Real-life examples of such occurrences were included in the resolution.

“When a lawsuit sought declaratory and injunctive relief to compel Administrator Wolfe to address this dereliction, she engaged the services of a private law firm, the Mark Elias Group, in an attempt to avoid remedying the situation,” the resolution said.

Mark Elias is a top election strategist for the national Democrat Party.

More Outside Influence

According to the resolution, Ms. Wolfe also “facilitated, promoted, and encouraged the employment of partisan, out-of-state residents to administer Wisconsin’s elections in 2020.”

Some of the outside influencers mentioned in the resolution were David Becker and David Plouffe.

“David Becker, a highly partisan individual employed by George Soros and the administrator of the partisan Electronic Registration Information Center (ERIC) played a central role in executing this scheme,” the resolution alleged.

Another high-profile Democrat operative named in the resolution was “David Plouffe, one of former President Obama’s principal advisors and the author of ‘The Citizen’s Guide to Beating Donald Trump.’”

Mr. Plouffe’s task was overseeing “a plan aimed at staffing the offices of the largest cities in swing states with partisan employees and agents to administer the election in those cities,” Article 7 alleges.

Follow the Money

 Priscilla Chan and Mark Zuckerberg attend the 2020 Breakthrough Prize Red Carpet at NASA Ames Research Center in Mountain View, Calif., on Nov. 3, 2019. (Ian Tuttle/Getty Images for Breakthrough Prize)
Priscilla Chan and Mark Zuckerberg attend the 2020 Breakthrough Prize Red Carpet at NASA Ames Research Center in Mountain View, Calif., on Nov. 3, 2019. (Ian Tuttle/Getty Images for Breakthrough Prize)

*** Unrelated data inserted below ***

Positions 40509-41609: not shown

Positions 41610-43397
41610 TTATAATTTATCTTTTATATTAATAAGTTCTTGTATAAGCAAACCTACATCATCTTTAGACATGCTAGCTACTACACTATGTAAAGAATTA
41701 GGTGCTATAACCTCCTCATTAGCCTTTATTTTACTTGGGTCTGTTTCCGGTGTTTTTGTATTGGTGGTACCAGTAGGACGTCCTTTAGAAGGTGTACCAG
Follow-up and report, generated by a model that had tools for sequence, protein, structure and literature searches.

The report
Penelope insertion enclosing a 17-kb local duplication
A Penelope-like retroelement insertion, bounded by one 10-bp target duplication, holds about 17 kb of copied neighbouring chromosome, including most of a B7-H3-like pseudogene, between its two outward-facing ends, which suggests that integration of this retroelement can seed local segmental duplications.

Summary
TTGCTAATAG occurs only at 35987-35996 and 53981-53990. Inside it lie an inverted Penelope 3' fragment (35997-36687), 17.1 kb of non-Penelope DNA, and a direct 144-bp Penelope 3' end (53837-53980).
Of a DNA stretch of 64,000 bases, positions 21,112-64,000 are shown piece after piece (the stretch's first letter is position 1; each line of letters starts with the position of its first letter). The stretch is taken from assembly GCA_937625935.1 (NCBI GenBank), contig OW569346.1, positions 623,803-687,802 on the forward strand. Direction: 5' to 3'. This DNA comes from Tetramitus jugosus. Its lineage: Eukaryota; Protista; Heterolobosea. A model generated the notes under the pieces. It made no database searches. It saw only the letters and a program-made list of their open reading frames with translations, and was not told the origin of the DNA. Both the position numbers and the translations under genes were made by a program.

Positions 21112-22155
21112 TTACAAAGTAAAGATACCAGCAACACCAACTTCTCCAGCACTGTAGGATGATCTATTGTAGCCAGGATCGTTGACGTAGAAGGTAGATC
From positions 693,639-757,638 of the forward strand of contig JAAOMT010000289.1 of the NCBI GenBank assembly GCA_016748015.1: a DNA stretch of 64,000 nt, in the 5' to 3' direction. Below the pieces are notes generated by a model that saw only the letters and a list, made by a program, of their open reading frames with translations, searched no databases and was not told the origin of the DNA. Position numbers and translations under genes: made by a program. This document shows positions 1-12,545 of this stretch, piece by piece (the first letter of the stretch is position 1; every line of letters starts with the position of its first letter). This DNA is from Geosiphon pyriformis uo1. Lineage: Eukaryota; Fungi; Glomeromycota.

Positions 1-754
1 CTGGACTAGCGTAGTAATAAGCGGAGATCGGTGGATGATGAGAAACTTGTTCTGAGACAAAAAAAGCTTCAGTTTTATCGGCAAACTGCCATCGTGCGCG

The funding for the operation came from grant money awarded to localities by the Zuckerberg-supported left-leaning NGO Chicago-based Center for Tech and Civic Life (CTCL).

The stated aim of the grants was to help communities conduct safe elections in the midst of the COVID-19 pandemic.

Wisconsin’s five largest cities; Milwaukee, Madison, Racine, Kenosha, and Green Bay, received grant payments totaling $8.8 million. That represented 86 percent of the total CTCL grant funds awarded in Wisconsin. The remaining 14 percent was divided between smaller jurisdictions throughout the state.

As post-election expenditure reports submitted to Ms. Wolfe by the five cities showed, very few grant dollars were spent on plexiglass shields and personal protection equipment (PPE) for clerks and poll workers.

For example, Green Bay reported spending only one percent of its grant award on PPE.

The five cities were criticized in the articles for their “lack of transparency in the financial reporting.”

The resolution raised the question of whether the vast majority of the funds were used “to promote voter turnout among specific demographic groups favored by partisan actors.”

According to Article 11, Ms. Wolfe told a legislative hearing that she was not even aware of the CTCL grant funding until she learned of it from a city’s financial report on Aug. 30, 2020—a contention the resolution said “strains credibility.”

To receive a grant, municipal election officials agreed by contract to install absentee ballot drop boxes, “cooperate with CTCL directives, and follow the instructions of CTCL’s designated personnel in administering the elections,” alleges the resolution.

A Breach of Trust

Article 7 highlights the alleged role of Brooklyn, New York, resident Michael Spitzer-Rubenstein, a well-known Democrat activist, in the administering of the 2020 presidential election in Wisconsin.